Deals like that don't come around too often. In fact, for the last seven years, developers haven't had any deals at all because of the moratorium on waterfront construction that voters approved in 1990. Now, though, the San Francisco waterfront has reopened for development. All along the city's 7.5-mile waterfront, the deal-making is about to begin.

Earlier this month, city officials signed off on a new Waterfront Land Use Plan, lifting the moratorium on construction along the bay. The city is now seeking developers -- preferably large ones -- to help build a waterfront for a world-class city.

The new plan provides a one-time opportunity for San Francisco to create a revitalized waterfront -- perhaps along the lines of Seattle or Vancouver, where city planners made sure that the developments fit the cities, and that the cities would benefit from those agreements.

But San Francisco has no such history of judicious waterfront planning. The new Waterfront Plan is particularly vague when describing what can be built on the piers between Fisherman's Wharf and the Ferry Building, and how "commercial bay-oriented recreation and public assembly" developments will be chosen.

Port Director Douglas Wong has talked of a grand vision for the waterfront, a vision that includes hotels, restaurants, and other nonmaritime diversions. That kind of talk makes public interest groups and development watchdogs nervous, and a look at the last large-scale development on the waterfront, Pier 39, makes this concern seem reasonable.

In 1977, San Francisco developer Warren Simmons proposed a turn-of-the-century-style retail center on the waterfront next to Fisherman's Wharf. He promised cobblestones and street lamps.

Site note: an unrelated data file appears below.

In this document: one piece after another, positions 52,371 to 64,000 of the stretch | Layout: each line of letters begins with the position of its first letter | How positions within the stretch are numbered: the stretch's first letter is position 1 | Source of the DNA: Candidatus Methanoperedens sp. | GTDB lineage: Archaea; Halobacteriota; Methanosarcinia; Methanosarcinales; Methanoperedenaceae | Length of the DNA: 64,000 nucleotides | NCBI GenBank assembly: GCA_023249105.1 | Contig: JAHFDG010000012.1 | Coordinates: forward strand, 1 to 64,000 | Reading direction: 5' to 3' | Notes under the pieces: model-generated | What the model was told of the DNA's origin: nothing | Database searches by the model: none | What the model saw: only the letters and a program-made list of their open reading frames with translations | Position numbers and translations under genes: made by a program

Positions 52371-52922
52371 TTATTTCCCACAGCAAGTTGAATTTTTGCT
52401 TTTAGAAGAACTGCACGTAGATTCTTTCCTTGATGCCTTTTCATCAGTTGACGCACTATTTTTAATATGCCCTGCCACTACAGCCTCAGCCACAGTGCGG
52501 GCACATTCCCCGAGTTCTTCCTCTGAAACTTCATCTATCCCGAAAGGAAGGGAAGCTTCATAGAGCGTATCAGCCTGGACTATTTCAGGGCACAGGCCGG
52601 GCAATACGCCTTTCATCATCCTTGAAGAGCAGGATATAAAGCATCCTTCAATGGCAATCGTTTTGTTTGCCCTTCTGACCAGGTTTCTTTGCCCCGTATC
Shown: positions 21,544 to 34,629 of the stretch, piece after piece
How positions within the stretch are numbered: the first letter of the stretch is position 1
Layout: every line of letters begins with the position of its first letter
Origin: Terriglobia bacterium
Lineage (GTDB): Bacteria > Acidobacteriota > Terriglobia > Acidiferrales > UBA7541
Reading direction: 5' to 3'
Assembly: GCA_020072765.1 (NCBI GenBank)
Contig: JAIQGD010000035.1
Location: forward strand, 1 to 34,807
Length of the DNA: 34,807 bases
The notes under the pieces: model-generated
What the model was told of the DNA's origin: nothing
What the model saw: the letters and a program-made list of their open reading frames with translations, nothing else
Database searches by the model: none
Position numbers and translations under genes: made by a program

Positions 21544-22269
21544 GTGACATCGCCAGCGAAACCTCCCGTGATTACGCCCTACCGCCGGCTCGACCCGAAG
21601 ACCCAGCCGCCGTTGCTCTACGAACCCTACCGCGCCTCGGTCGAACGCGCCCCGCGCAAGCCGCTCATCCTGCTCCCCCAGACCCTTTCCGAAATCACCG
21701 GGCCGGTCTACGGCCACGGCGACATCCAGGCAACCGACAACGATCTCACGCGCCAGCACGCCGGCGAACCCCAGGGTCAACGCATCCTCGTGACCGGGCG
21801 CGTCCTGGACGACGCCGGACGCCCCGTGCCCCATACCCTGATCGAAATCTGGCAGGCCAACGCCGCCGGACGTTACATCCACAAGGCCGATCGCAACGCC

What the city has today could not be more different from that original proposal. And the government agencies that will scrutinize land deals along the newly available San Francisco waterfront are the very agencies that all but gave Pier 39 away to politically influential investors who now make astonishing amounts of profit on a development that is about as authentically "San Franciscan" as Rice-A-Roni.

The deal was sweet from the start. It began in the mid-'70s, when Warren Simmons, the developer who would later establish the Fresh-Mex empire known as Chevy's restaurants, sold the city on an idea to develop the underused waterfront area between Piers 37 and 41. Other developers had approached the city, but all had been rejected. Simmons' proposal, called North Point Pier, would have the character and feel of a turn-of-the-century San Francisco street scene, Simmons promised. It would have stained-glass windows, turrets, wooden walkways, and cobblestones.

The Board of Supervisors and the Port Commission approved the agreement in 1977, and gave Simmons a lease good for 60 years, with fixed rental fees at a low "preferred rent," plus a meager percentage of the center's gross revenues to be paid to the city.

The length of the lease was not surprising, given that Simmons would need time to repay the $29 million he had borrowed to finance the development. The sweet part, however, was the low "preferred rent" set in the lease and the small percentage of revenues that Simmons was required to pay the city.

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Tara Shioya